Fifteen minutes from St. Joseph Parish, the St. Bridget gathering was scheduled to update parishioners on issues surrounding the case of Fr. Harold Quigg, who led that parish from 1989 until retiring in 2000.
In 2004, Quigg was removed from ministry at the recommendation of a board investigating clerical sexual abuse cases. The board recommended his name be made public. Now-retired Archbishop Alexander Brunett decided against the recommendation.
In April, St. Bridget parishioners became aware of Quigg’s abuser status via a posting on the SNAP website. However, for a decade, the priest celebrated occasional weddings, baptisms and funerals, wore his clerical collar, socialized and accepted gifts from former parishioners who believed he was retired and in good standing.
In a May 2 news release, the archdiocese said Quigg had agreed to not wear clerical garb, not take part in public ministry, not to “present himself publicly as a priest,” and to submit to “the archdiocesan relapse prevention program which included the services of a qualified third party monitor with experience in supervising all types of sexual offenders.”
The release said “the steps taken … were not sufficient to alert us of Quigg’s violations of the restrictions on the celebrations of the sacraments” and confirmed that pastors, staff members and parishioners where Quigg served had not been informed of his status or of the nature of the allegations.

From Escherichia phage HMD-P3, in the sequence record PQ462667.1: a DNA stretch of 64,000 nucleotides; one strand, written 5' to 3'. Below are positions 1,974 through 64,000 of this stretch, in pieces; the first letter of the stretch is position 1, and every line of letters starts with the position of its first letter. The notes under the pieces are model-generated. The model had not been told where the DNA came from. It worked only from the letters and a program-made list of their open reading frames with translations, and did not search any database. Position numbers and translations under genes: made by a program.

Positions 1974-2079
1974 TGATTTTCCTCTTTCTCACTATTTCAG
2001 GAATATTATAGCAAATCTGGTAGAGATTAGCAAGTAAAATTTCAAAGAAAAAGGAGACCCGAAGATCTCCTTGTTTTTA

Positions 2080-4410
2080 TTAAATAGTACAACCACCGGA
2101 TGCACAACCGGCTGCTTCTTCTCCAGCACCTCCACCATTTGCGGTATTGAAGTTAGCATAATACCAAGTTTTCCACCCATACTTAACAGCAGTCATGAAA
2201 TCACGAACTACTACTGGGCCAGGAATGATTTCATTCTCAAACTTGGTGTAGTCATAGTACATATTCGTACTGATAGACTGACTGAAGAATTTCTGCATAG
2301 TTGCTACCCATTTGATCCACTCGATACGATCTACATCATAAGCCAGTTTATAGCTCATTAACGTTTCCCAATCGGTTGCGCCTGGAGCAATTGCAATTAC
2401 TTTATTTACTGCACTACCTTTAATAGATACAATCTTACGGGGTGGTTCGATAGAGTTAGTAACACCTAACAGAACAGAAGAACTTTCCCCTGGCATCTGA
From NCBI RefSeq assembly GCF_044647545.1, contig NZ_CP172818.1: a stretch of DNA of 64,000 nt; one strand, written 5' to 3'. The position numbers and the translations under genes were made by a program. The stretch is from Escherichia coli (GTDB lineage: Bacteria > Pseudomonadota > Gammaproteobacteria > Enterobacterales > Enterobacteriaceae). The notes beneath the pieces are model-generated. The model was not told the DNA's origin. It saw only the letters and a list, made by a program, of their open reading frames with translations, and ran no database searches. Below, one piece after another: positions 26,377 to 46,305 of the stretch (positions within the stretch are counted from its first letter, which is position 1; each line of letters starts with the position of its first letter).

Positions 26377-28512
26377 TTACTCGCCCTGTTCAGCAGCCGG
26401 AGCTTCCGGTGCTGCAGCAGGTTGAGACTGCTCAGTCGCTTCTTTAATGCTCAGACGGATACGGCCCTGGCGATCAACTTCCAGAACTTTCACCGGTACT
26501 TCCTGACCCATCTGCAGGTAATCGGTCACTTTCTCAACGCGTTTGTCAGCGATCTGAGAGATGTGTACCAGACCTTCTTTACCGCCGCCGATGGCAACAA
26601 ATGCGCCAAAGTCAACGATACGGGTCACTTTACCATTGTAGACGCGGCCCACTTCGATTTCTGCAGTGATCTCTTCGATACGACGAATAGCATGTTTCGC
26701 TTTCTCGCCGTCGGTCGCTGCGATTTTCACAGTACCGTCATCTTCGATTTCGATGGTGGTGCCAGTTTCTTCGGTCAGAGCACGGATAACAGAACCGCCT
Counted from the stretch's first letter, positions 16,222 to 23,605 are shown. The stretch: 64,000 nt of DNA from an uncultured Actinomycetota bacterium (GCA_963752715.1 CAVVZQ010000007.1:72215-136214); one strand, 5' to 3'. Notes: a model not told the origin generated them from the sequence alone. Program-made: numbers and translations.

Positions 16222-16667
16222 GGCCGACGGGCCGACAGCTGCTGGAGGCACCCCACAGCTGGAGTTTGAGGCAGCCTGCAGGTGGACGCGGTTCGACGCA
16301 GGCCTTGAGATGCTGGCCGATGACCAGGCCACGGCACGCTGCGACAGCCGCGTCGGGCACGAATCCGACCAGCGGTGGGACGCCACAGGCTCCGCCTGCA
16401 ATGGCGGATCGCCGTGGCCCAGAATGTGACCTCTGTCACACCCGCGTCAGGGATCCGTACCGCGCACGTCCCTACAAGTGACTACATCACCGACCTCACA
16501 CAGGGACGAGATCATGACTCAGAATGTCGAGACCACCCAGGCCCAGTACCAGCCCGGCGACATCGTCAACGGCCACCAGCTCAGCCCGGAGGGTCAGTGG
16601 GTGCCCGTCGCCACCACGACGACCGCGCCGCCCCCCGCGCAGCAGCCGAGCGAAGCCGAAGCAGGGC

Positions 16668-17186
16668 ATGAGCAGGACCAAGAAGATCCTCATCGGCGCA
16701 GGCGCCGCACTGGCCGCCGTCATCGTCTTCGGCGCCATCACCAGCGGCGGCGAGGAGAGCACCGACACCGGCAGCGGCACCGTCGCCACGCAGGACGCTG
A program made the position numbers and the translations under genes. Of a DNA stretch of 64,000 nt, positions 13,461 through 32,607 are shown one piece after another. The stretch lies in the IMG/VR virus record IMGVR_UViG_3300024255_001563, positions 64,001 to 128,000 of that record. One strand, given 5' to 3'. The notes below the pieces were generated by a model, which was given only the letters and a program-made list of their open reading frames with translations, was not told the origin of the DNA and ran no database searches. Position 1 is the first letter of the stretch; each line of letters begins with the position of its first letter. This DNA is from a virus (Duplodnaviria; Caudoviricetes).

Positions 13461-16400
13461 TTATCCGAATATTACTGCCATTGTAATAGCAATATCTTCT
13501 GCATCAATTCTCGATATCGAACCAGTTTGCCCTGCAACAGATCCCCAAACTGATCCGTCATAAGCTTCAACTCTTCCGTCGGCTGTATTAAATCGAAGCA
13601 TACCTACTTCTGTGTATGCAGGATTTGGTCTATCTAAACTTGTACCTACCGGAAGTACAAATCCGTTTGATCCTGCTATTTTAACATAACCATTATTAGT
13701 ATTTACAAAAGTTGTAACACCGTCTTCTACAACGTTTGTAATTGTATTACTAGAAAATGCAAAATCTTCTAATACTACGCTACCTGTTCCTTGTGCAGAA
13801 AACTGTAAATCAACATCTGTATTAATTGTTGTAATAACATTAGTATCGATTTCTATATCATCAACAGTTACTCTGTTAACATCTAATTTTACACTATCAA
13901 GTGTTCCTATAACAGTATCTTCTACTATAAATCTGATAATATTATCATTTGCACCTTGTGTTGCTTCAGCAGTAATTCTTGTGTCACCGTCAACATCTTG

On May 6, Sartain and a handful of archdiocesan officials faced a crowd of nearly 200 at St. Bridget. During the two-and-a-half-hour meeting, Sartain apologized for the breakdown in supervision of removed sexual abusers and said he would have made Quigg’s name public if he had known what he knows now.
Based “on what the archdiocese has learned recently,” the May 2 statement promised a “thorough review” of the archdiocese’s “relapse prevention program” and monitoring protocols.
Asked Tuesday if the archdiocese had issued a report or update on the review relapse prevention program, Magnoni said: “Harold Quigg’s issue is a personnel matter.”
Parishioners concerned about the Jaeger funeral have linked it with the Quigg case, viewing both as indicative of a lack of archdiocesan diligence in regard to priests found to be credibly accused of sexual abuse of children.
[Dan Morris-Young is an NCR West Coast correspondent. His email address email@example.com.]